In the IRS’s view, Cryptocurrencies are considered to be convertible digital tokens, a virtual currency that can be exchanged for other fiat or virtual currencies. As of this writing, the IRS treats Cryptocurrencies as property and therefore Cryptocurrencies are subject to general tax principles for property transactions. This means that generally Cryptocurrencies, including bitcoin, are treated as a capital asset and are subject to the capital gain and loss rules.

Regarding Cryptocurrencies, converting a Cryptocurrency to a fiat currency, converting a Cryptocurrency from one coin to another, or using a Cryptocurrency to pay for goods or services are all considered to be a taxable event. Accordingly, if you acquire a Cryptocurrency and hold it for longer than one year, if or when you eventually dispose of it, your gain or loss will be subject to long term capital gain rules. If you dispose of the Cryptocurrency within a year of acquiring, the gain or loss will be subject to short term capital gain rules. The holding period to determine whether a gain or loss on the exchange or use of the Cryptocurrency starts on the day after acquisition of the Cryptocurrency, and ends on the day you exchange or use it. An exception to this general rule of Cryptocurrency being taxed as property is when a business holds Cryptocurrencies to sell to customers in the ordinary course of business. Importantly, moving Cryptocurrency from one wallet that you control to another is not a taxable event.

Additionally, if you are paid for goods or services that you provide in Cryptocurrency, that constitutes income at the fair market value of the Cryptocurrency received (as measured in U.S. dollars on the receipt date). A donation of Cryptocurrency to a charity is eligible for the charitable contribution deduction, and is equal to the fair market value of the Cryptocurrency at the time of the donation provided you held the Cryptocurrency for at least one year. If the donated Cryptocurrency has been held for less than a year, the deduction is the lesser of the basis in the Cryptocurrency or its fair market value at the time of the contribution. From time to time a Cryptocurrency goes through a “fork” which occurs when certain miners who work on the blockchain of a specific Cryptocurrency decide to implement a new protocol. Some of the miners accept the new rule, others do not, and that is how a fork occurs. Bitcoin Cash is an example of a fork from the Bitcoin blockchain. Sometimes, when a fork occurs, holders of the original Cryptocurrency receive the new Cryptocurrency. A receipt of a new currency from a fork is considered income, and is taxable. Below is a chart providing an overview of potential actions and whether a taxable event is created.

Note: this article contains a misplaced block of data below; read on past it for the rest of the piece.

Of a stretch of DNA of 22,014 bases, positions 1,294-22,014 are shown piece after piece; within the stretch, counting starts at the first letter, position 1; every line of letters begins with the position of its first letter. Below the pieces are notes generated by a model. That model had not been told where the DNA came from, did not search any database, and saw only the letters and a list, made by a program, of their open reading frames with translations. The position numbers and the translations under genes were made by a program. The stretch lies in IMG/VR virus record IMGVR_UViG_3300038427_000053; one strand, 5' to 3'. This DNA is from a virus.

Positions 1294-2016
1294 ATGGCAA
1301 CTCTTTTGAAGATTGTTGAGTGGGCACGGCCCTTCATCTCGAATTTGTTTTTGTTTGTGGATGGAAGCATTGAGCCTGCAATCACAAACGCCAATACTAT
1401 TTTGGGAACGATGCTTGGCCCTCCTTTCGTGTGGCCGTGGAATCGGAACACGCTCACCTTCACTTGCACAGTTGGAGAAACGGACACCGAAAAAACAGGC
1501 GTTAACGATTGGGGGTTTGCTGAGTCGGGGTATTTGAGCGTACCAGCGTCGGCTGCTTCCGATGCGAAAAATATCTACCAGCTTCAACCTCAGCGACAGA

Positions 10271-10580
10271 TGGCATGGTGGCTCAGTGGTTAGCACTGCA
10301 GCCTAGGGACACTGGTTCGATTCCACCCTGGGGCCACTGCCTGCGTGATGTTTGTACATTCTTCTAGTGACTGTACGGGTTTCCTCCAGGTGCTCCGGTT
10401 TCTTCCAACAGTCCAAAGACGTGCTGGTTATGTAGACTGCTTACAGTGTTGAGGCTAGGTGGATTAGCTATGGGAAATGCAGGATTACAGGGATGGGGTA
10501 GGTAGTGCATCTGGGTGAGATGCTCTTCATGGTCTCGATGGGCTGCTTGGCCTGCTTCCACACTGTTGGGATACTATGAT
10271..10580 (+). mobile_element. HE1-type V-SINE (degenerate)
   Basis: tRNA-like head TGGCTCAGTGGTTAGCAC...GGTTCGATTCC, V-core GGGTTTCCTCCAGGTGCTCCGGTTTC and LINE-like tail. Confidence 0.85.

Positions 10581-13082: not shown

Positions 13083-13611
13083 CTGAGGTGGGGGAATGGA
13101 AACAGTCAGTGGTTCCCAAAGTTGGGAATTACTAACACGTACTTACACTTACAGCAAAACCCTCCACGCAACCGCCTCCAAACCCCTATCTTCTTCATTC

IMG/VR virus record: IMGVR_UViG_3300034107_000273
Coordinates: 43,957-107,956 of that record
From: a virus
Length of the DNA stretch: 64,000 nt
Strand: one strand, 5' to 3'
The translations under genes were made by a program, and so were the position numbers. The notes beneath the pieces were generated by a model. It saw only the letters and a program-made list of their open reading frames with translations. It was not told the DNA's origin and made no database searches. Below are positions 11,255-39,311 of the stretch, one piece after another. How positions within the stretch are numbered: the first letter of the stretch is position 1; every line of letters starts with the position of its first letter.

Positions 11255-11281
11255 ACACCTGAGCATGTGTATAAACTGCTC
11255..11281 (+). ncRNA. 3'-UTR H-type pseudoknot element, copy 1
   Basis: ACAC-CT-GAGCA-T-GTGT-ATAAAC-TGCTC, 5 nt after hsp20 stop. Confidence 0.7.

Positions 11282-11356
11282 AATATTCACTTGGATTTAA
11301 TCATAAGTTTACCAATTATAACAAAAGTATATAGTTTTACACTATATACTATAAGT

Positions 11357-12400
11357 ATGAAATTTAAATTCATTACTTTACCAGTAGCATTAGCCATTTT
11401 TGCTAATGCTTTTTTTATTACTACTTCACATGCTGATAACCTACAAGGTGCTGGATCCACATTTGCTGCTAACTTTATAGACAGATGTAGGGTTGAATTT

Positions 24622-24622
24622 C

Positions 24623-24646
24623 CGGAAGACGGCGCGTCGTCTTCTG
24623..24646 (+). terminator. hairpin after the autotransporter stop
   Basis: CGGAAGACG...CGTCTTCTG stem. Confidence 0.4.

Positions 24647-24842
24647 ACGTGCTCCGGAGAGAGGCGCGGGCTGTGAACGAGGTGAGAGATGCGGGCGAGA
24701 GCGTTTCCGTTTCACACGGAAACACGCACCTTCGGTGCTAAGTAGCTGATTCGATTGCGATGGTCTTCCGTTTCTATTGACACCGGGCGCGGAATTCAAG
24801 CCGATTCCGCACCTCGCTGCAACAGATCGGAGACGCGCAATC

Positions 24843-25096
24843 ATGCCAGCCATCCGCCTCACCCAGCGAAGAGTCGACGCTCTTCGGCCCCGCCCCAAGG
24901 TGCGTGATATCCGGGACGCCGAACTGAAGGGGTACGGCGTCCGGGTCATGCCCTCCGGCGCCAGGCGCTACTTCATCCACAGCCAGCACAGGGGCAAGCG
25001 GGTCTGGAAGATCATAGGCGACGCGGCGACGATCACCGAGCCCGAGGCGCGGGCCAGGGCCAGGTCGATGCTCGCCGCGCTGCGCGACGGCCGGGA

Cryptocurrency and Potential Taxable Events
Action Is it Taxable? Calculation of Gain or Loss
Purchase of a cryptocurrency with US Dollars No No gain or loss
Transfer of cryptocurrency from an exchange to a wallet you control No No gain or loss
Sale of a cryptocurrency for US Dollars Yes Fair Market Value of sold cryptocurrency less its cost basis
Exchange of one cryptocurrency for another Yes Fair Market Value of acquired cryptocurrency less cost basis of transferred cryptocurrency
Spending cryptocurrency on goods and services Yes Fair Market Value of received goods and services less cost basis of the cryptocurrency
Earned cryptocurrency Yes Fair Market Value of received cryptocurrency